red penDo you own a red pen … or know someone else who owns a red pen?

Think back, do you remember a time when you received your work back from someone – a manager, a colleague, or a teacher perhaps – and there were red pen markings all over the page?  How did that make you feel?  I remember this happening on many occasions throughout my life and career.

When one of my executive leaders told me that he doesn’t own a red pen – it ended up being a huge life lesson for me, a real eye-opener and aha-moment.  It basically caused me to reflect and then re-think how I was using my own red pen(s) with the people in my life and work, and helped me make a shift as a supervisor.

This executive leader was an engineer – a technical expert – who had worked his way from an engineer-in-training right out of university to the executive level with over 35 years of experience.  At the time, I was doing research and was interviewing him for my master’s thesis on “building the business case for coaching” in the workplace when he shared this insight with me.

He told me about the lesson that he had learned over the years being a technical engineer and then moving into a leadership role.  He learned that his role as a leader was to develop people – not to do or correct their work, tell them what to do or micro-manage them in any way.  He talked about the process of getting rid of his red pen at some point in his career where he stopped being a manager and started being a leader.  He acknowledged that this shift didn’t happen overnight and there was a significant transition as he learned to let go of control.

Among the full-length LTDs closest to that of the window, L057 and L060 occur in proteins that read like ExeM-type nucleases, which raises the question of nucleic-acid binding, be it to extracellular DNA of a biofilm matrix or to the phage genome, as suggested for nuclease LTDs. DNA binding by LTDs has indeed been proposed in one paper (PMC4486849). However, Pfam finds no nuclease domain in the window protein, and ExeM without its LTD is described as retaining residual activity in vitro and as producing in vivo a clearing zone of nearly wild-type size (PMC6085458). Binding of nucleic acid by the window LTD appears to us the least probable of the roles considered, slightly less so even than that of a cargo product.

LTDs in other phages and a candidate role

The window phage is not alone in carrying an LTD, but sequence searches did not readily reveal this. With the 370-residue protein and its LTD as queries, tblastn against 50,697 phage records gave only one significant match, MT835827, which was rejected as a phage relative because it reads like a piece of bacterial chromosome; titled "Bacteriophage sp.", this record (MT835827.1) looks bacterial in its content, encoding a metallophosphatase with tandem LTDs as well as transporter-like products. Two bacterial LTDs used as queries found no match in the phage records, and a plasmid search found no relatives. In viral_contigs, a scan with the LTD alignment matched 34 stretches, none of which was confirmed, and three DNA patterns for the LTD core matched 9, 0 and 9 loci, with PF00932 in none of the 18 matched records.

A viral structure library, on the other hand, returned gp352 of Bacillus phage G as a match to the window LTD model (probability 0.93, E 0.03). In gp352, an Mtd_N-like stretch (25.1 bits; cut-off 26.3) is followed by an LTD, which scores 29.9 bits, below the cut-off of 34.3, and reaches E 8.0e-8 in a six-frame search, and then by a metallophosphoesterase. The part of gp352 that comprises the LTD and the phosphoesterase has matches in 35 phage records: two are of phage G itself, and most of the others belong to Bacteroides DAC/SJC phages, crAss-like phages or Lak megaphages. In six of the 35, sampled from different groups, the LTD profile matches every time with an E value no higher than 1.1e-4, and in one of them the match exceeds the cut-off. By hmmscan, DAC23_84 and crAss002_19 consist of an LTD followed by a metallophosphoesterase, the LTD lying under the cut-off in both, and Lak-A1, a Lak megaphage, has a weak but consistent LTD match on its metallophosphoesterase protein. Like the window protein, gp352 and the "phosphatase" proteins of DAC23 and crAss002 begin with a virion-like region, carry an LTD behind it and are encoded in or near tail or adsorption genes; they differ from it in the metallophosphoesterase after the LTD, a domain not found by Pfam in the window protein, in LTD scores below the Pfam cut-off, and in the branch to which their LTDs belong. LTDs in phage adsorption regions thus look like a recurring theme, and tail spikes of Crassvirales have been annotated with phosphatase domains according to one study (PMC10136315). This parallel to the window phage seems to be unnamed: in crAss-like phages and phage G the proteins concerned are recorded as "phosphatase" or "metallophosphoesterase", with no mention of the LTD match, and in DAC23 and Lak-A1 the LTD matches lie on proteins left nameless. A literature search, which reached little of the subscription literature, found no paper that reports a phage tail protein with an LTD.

As a leader however, he focused more on engaging in dialogue with people and supporting people to think out loud and talk through options and solutions.  He also described the importance of creating an environment where learning from mistakes was okay and a valuable part of each person’s development!

The “I don’t own a red pen” concept that he described aligned with the coach-approach – or the coaching mindset that I was researching – and it continues stand out as one of the key insights that I carry around with me today.

Robert Hargrove, in his book Masterful Coaching, writes that “coaching is about expanding people’s capacity to create the desired future.  It is not telling people what to do, but asking them to examine the thinking behind what they’re doing so it is consistent with their goals.  Coaching is about giving people the gift of your presence, asking questions, and listening.”

This idea is further supported in a Financial Post article where Brett Wilson, a Saskatchewan-born entrepreneur, philanthropist and former Dragon’s Den star discusses the importance of coaching and mentoring.  He says that “a big part of mentorship is encouraging people to find the answer as opposed to giving them the answer.  Ultimately, to be sustainable, you need to empower the entrepreneur to think for themselves.”

Brett, who is also an engineer, has a life coach and says that his coach “challenges me to think about my thought processes, about where I am, where I want to be, passions, setting goals, priorities.”  In a video interview he succinctly reports that his coach helps him organize his thinking!  Check out the interview by Step Up Coaching.

Shana Ring

Shana Ring is a Professional Certified Coach (PCC), President of Destination Leadership, and Founder of the EXPEDITION Coaching Program. She focuses on providing leadership coaching, coaching training, and consulting in the area of coaching and culture change, succession planning, leadership development and organizational effectiveness.


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